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Does Getting Your MBA Have a Promising Return on Investment?

Getting a master’s of business administration (MBA) is a major investment—not only of money, but also of your time, effort, and intellectual capacity. In addition to the expenses of tuition and related fees, getting an MBA generally means investing more than a year into intensive study and practical training.1

So, before future candidates submit their applications, many want to know: Is an MBA worth it? 

Like any business-oriented individual, applicants want to know they’ll receive a return on their investment before diving into an MBA. And, generally speaking, they will—an MBA can broaden graduates’ horizons, open up new fields of employment, and help them achieve personal, academic, and professional goals.

If you want to become an MBA student, read on to learn about the professional advantages that graduates can benefit from.

How Much Does an MBA Cost?

The exact cost of an MBA varies widely based on the school, candidate, and specifics of the program. Factors that may affect the cost of tuition and related fees include:

  • A school’s reputation
  • The area it’s located in
  • Whether or not it receives state funds
  • The activities and fields of study explored during the degree

A 2022 report from the Education Data Initiative found that the prices of MBAs can range by around 300%. That means degrees on the higher end of the spectrum cost about three times more than those at the entry-level price.2 Furthermore, MBAs are generally twice the median cost of a master’s degree when prices are averaged across all disciplines.

Therefore, when considering which MBA programs to apply for, most students have a few monetary concerns, including:

  • Keeping costs down
  • Securing funding
  • Earning their money back after graduation

For the former two, there are a few useful techniques that can help alleviate students’ financial burdens, including:

  • Applying to an MBA that offers paid curricular practical training (CPT) as part of the program3 
  • Seeking out and obtaining as many scholarships and grants as possible
  • Getting funding from an employer that’s willing to invest in the education of its employees

If you do the latter of these three, you’ll likely have employment secured upon graduation as well. That’s because employers usually contract their employees for a few years after they obtain their MBA as compensation for the fees.4 

Whether or not you get funding from an employer, you’re likely curious about what jobs await an MBA graduate.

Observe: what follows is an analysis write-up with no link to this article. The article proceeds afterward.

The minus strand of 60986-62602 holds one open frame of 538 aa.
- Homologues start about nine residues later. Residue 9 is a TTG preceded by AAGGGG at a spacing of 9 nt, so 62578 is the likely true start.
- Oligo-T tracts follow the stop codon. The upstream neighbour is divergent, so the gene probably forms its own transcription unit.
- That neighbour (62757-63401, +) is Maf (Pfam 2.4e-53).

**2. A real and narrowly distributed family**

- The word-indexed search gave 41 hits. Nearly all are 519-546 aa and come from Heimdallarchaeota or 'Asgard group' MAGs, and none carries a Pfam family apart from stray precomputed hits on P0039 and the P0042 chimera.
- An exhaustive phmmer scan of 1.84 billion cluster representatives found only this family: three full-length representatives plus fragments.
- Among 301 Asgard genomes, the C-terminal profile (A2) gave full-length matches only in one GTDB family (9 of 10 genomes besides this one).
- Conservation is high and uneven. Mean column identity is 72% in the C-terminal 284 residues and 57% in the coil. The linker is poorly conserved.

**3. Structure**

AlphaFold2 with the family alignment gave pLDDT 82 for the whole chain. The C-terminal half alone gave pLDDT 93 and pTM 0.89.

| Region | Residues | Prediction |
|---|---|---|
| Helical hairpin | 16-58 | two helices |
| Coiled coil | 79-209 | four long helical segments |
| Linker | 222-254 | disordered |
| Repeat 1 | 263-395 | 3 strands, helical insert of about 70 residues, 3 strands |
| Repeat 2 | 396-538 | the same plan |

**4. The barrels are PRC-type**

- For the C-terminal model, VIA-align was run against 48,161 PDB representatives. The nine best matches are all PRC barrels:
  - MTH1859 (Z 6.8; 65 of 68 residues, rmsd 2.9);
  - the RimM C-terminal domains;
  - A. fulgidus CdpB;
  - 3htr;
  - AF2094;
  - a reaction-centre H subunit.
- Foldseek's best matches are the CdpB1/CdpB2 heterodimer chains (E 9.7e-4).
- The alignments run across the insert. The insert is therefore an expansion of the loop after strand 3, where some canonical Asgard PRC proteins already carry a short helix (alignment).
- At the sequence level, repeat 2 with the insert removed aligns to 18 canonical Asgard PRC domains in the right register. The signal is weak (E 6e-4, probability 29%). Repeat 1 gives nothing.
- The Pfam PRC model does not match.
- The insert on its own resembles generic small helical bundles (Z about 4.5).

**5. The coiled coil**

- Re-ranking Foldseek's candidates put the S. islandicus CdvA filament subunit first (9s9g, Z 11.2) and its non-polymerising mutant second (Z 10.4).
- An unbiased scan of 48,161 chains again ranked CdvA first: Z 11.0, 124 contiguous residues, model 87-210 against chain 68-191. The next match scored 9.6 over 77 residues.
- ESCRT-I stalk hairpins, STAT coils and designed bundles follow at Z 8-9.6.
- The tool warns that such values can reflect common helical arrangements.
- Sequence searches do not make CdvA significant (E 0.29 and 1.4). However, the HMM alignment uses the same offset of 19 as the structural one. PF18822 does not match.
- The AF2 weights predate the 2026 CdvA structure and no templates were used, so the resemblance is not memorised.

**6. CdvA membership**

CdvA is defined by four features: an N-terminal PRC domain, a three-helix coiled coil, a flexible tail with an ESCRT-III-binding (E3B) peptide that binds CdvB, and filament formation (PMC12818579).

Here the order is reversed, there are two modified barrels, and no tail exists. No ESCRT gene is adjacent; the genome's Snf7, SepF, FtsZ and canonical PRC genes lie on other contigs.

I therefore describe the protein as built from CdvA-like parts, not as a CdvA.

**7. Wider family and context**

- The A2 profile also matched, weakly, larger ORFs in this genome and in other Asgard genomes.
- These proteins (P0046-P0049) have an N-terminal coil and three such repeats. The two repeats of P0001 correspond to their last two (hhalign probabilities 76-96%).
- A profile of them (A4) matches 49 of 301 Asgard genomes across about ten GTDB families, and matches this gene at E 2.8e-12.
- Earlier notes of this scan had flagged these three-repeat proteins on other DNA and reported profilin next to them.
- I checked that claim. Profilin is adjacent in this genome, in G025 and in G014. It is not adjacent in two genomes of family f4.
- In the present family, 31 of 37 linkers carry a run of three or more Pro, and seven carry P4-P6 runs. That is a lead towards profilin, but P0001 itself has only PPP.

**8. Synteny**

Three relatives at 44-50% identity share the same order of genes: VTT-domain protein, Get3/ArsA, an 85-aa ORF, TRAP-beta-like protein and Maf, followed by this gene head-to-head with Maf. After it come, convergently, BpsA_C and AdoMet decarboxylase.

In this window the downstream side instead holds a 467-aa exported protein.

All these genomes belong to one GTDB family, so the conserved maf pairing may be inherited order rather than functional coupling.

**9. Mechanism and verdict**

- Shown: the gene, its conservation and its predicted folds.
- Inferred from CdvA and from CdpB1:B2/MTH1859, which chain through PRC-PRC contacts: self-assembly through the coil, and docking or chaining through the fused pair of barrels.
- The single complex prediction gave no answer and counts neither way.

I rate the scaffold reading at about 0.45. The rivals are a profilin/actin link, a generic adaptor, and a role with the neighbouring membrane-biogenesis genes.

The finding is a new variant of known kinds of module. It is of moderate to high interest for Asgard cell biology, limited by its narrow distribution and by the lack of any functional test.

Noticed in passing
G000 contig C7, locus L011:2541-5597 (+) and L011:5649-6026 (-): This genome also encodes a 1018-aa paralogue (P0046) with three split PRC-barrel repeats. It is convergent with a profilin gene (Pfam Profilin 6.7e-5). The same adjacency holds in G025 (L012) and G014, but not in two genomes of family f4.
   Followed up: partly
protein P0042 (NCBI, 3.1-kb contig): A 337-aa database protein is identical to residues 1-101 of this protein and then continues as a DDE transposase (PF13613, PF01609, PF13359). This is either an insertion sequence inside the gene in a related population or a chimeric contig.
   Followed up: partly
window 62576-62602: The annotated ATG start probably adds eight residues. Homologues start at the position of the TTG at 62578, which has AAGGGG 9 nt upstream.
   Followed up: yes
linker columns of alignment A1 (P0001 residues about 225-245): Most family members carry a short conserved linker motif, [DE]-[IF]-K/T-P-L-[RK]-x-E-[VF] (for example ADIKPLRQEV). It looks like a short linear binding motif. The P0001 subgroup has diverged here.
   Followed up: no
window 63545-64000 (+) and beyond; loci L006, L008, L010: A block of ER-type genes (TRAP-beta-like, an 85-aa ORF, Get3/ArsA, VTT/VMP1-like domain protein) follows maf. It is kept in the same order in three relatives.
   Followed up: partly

What Jobs Are Available to an MBA Graduate?

Earning an MBA instills confidence in employers that you’re a savvy and resilient individual. According to a 2022 Graduate Management Admission Council (GMAC) survey of corporate recruiters:5

  • 87% trust MBA graduates to succeed in their organizations
  • 92% expect to hire new MBA graduates within the year
  • 61% see MBA holders as more competitive than candidates with micro-credentials, such as professional qualifications and certificates

Put simply, prospects look overwhelmingly positive for those graduating with an MBA. 

However, the corporate world isn’t the only place where an MBA is appreciated. Obtaining one can open doors in fields such as:

  • Consumer marketing
  • Finance
  • Commercial banking

In fact, candidacy for senior positions in these sectors sometimes requires obtaining an MBA.6 So, if your aspirations have always been to climb the ladder in one of these fields, an MBA may be necessary.

Furthermore, these aren’t the only fields that an MBA can grant access to. Getting a graduate degree in business may support you in other related sectors, such as:7

  • Accounting
  • Entrepreneurship
  • Human resources
  • International business
  • Non-profit management
  • Public administration
  • Supply chain management

There’s likely no shortage of career opportunities awaiting an MBA graduate upon receiving their degree. And, if one of these fields aligns with your career goals, an MBA can be a relatively quick way of breaking into it. That said, if you invest a large amount of money, time, and effort in pursuing a graduate degree, potential opportunities might not be enough. 

A high salary is a common goal for MBA applicants, and if you’re considering graduate school, you may wonder: How well do these types of opportunities pay?

How Much Do MBA Graduates Get Paid?

Like workers of all educational backgrounds, pay for MBA graduates can vary based on the specific role, contract, and performance. According to the Harvard Business Review (HBR), employees holding graduate degrees may earn, on average, 25% more than when they only had an undergraduate.8

However, HBR also found that graduates of MBA programs can generally make 60-150% more than they did with a bachelor’s degree alone.9 Thus, the prospective earning potential for students about to finish MBA programs is likely much higher than when they started.

MBA Salaries

Starting salaries for MBA graduates vary based on the position they acquire. If you received funding from your employer to pursue graduate studies, you’d likely be contracted upon graduation—meaning your salary will be set before you finish your MBA.

If you’re job hunting upon completing your graduate degree, an MBA can prepare you for roles in numerous high-paying fields. Likewise, GMAC projects that both the starting salaries and median salaries of MBA graduates will continue to rise year after year.10

MBA Bonuses